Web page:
Randy McDonald (rfmcdpei) wrote,

[LINK] "Lithuanian identity and the riddle of General Lucjan Želigowski"

The English-language edition of Lithuanian news portal 15min.lt features an interview with Lithuanian historian Šarūnas Liekis, examining the controversial person of Polish general Lucjan Želigowski. In 1920, Želigowski staged a coup that led to the annexation of Vilnius--now the Lithuanian capital, at the time part of a largely Polish-populated region--into Second Republic Poland. Liekis suggests that Želigowski was acting as a Lithuanian--the only dispute related to questions of identity. Was Lithuania the nation-state of the ethnic Lithuanians, or was Lithuania inheritor of the multiethnic (and largely Polish-speaking) Grand Duchy of Lithuania federated with Poland?

- Želigowski's name still sounds odious to Lithuanian ears, since it is associated with the loss of Vilnius in 1920. Who is this man and what was his connection to Lithuania?

- Želigowski's was an old family coming from Ashmyany (currently part of Belarus), its roots go back to the 16th century. An entry from 1623 in Lithuanian chronicles reads: “Jakob Želigowski from Kimbor estate came with a horse, armour, helmet, and harquebus.”

Želigowski's father Gustav, brothers Jan and Juzef participated in the 1863-1864 uprising. His uncle Edvard Želigowski was arrested for joining the Dalevski brothers' patriotic youth group in Lithuania – the tsar had outlawed the organization and persecuted its members.

In other words, Želigowski did not come out of the blue, he was not from Silesia, Berlin, or Stockholm – he came from here. His fate is comparable to that of thousands of descendants of Polish and Lithuanian nobility who had to choose one or the other nationality in modern times.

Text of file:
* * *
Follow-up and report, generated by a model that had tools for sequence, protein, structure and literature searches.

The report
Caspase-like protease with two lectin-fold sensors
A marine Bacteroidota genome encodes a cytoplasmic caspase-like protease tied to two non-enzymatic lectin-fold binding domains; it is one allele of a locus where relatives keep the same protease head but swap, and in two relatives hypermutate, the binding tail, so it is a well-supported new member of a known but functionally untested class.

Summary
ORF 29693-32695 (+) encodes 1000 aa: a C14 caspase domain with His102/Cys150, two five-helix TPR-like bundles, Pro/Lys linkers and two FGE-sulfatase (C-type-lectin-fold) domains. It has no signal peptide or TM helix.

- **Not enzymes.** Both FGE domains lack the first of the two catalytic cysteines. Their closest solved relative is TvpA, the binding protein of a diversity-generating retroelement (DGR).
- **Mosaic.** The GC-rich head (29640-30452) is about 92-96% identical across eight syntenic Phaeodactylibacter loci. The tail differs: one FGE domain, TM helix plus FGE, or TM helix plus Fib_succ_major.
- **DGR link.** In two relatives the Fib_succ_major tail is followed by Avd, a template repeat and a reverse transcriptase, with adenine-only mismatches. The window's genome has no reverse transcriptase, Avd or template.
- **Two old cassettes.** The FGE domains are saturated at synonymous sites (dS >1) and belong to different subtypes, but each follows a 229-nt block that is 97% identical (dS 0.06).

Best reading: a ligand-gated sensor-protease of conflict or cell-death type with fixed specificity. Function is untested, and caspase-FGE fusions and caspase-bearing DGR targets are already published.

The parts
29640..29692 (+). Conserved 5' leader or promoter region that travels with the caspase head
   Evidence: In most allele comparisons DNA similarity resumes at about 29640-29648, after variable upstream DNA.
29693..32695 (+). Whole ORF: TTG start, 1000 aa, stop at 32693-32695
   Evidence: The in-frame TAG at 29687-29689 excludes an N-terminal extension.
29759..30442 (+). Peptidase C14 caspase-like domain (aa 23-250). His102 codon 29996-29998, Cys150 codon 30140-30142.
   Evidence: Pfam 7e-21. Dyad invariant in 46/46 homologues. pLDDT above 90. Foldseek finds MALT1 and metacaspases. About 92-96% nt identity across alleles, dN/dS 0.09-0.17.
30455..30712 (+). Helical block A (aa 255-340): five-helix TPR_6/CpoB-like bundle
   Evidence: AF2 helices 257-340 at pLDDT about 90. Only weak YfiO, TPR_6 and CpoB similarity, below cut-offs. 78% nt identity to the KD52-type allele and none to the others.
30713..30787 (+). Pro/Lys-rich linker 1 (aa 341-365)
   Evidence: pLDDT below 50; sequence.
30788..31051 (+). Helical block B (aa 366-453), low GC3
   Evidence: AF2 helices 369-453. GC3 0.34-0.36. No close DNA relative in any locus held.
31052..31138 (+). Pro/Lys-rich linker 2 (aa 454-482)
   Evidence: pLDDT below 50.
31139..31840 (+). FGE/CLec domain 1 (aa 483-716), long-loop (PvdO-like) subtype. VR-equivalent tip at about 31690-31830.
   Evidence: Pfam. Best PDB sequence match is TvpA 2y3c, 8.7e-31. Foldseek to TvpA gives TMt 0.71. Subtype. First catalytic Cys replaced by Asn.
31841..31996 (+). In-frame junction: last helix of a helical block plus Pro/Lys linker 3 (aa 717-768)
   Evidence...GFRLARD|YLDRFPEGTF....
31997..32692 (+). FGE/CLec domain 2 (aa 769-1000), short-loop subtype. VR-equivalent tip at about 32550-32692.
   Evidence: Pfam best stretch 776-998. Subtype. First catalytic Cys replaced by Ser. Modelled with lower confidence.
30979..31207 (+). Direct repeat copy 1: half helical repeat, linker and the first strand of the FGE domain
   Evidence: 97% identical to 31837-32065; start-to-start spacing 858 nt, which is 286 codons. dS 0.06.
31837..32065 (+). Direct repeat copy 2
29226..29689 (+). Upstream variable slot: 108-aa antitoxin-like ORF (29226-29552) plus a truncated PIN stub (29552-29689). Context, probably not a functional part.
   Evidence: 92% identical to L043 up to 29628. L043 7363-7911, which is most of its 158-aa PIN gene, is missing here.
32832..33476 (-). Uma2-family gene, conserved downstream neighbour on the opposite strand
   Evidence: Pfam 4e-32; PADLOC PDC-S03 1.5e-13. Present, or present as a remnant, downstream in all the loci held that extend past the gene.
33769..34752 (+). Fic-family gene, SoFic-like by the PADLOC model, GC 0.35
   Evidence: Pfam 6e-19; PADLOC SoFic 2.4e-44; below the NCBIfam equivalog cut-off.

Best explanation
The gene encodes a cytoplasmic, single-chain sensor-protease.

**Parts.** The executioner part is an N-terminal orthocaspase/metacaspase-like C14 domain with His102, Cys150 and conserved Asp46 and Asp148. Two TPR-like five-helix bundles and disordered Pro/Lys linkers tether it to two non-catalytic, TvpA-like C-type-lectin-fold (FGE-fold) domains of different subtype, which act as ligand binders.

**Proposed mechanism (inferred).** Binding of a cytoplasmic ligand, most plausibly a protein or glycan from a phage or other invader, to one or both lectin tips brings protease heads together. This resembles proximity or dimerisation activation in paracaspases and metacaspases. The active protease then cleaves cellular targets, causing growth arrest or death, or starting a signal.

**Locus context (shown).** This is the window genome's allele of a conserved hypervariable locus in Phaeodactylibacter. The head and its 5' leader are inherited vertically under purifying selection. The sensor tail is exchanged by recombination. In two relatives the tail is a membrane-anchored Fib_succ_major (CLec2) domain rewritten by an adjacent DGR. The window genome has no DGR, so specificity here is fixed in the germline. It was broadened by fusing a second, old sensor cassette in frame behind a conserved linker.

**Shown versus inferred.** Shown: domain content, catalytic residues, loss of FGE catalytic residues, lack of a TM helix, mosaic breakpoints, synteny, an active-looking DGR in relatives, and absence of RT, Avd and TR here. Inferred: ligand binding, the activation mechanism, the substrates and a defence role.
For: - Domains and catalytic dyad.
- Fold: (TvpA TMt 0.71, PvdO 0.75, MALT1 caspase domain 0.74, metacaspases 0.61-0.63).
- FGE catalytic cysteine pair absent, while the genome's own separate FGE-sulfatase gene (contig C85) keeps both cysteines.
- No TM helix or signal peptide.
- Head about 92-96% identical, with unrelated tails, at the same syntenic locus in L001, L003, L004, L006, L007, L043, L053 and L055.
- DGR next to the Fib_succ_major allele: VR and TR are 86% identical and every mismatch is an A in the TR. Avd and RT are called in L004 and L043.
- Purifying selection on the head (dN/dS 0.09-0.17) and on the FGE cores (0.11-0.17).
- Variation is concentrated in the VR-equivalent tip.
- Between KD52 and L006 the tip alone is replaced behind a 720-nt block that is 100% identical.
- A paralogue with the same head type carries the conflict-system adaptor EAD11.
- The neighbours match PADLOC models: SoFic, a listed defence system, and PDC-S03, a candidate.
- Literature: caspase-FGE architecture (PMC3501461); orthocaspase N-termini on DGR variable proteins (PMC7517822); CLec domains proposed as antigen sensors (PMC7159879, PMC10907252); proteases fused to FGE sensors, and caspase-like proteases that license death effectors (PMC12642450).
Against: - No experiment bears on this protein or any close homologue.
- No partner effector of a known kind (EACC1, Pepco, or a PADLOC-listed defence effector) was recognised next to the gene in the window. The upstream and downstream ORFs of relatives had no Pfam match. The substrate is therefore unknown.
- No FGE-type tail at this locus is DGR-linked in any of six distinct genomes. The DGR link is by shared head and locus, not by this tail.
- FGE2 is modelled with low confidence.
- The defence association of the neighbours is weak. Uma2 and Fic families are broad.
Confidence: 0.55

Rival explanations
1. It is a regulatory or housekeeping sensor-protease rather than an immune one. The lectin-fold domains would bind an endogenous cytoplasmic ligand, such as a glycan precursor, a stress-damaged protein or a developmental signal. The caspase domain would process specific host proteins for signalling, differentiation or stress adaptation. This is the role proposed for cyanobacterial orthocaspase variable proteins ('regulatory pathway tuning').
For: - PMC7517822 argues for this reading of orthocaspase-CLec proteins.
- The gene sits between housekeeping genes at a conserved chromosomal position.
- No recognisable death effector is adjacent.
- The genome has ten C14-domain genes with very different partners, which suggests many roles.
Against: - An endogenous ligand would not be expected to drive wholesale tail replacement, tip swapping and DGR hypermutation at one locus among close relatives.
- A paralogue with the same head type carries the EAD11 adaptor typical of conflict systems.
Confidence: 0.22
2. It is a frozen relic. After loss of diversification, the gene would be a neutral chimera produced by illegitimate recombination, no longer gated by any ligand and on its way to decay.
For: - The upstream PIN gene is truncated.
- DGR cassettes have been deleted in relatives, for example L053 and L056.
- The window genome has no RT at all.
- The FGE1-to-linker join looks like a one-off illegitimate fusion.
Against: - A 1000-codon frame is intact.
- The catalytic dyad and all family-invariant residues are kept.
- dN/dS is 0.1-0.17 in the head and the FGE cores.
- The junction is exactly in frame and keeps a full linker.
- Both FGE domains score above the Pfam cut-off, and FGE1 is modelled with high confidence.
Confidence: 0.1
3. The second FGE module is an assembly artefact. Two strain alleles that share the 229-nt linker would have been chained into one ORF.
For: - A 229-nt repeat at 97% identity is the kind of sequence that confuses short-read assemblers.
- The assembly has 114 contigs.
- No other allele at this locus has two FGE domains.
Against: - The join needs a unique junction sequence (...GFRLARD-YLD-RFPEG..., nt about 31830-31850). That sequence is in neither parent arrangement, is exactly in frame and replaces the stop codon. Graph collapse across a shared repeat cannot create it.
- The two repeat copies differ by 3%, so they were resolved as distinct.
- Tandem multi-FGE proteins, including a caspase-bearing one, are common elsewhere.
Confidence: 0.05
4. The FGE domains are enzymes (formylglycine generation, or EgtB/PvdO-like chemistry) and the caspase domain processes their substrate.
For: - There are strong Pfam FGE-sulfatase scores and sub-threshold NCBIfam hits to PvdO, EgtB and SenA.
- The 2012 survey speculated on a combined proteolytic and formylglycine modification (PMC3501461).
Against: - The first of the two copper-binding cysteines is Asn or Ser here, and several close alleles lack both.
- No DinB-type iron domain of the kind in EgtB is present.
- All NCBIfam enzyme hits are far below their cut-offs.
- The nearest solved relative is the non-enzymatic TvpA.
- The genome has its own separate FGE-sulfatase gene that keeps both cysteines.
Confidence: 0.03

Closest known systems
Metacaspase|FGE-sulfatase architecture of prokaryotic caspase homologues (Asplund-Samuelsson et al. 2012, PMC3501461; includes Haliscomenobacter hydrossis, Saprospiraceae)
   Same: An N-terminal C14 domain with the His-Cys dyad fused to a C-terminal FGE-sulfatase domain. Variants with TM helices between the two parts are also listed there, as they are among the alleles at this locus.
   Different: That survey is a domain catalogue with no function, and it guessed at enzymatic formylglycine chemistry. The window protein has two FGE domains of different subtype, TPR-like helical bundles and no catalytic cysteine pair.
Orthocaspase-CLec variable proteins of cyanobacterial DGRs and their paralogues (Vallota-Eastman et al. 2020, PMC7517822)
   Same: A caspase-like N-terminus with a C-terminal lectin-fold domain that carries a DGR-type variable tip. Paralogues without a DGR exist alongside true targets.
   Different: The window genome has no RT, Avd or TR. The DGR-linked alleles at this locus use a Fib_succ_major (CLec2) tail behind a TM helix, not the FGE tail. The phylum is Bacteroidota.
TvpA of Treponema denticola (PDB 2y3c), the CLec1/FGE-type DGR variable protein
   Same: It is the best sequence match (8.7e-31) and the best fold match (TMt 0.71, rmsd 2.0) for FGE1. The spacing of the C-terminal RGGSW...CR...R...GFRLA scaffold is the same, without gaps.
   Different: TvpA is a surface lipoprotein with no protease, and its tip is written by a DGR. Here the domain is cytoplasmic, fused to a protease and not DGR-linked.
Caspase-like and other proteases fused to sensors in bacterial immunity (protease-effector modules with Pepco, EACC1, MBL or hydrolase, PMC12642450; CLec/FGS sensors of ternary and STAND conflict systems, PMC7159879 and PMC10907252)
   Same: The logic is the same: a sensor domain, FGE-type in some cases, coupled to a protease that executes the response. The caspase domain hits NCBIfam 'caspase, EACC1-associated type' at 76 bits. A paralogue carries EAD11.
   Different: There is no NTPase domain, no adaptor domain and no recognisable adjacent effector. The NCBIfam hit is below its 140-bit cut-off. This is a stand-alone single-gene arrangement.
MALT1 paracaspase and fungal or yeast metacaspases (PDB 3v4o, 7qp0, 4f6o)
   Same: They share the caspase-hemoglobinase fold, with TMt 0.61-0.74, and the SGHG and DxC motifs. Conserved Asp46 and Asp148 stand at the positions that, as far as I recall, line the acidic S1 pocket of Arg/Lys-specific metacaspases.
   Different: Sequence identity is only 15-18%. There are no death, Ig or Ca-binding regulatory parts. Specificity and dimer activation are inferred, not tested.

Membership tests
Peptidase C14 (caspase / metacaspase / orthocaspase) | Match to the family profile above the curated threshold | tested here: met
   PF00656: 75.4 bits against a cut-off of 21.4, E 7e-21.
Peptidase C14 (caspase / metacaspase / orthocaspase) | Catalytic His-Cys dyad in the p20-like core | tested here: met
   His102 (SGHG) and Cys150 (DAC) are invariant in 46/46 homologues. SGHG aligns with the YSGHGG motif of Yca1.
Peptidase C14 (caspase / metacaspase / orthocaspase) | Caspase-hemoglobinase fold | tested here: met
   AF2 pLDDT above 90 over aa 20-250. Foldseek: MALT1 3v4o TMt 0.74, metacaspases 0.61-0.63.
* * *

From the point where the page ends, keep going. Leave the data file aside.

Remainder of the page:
Želigowski was a professional military officer at the tsar's army. He studied military sciences in a Junker school in Riga, graduated in 1888, and later continued his service in the tsar's army. He chose the military to escape poverty.

He participate in the Russo-Japanese war and World War One. He was already leading a division in 1917. He was on the White side in Russian civil war, fought in Southern Russia and Crimea. After that he led the 4th Polish rifle regiment, formed of soldiers that came from territories of the former Polish-Lithuanian Commonwealth, crossed Romania and joined Poland's army. He fought in Ukraine with the Polish regiment.

[. . .]

One could say that younger officers, born around 1890, tended to choose service in the Lithuanian army. Older ones chose Poland because their formative years, their socialization happened in a Polophone culture, within the ideology of Lithuanian-Polish nobility. They thought it was natural to choose Poland rather than the new non-historic ethnic Lithuania built on the peasant culture.

Another example – the Inavauskai brothers who chose different Belarusian, Polish, and Lithuanian nationalities. Tadas Ivanauskas, Lithuanian biologist who set up a zoology museum in Kaunas, had a son, Jerzy, who fought with the Armia Krajowa during World War Two.
Tags: baltic states, borders, ethnic conflict, former soviet union, language conflict, links, lithuania, national identity, poland
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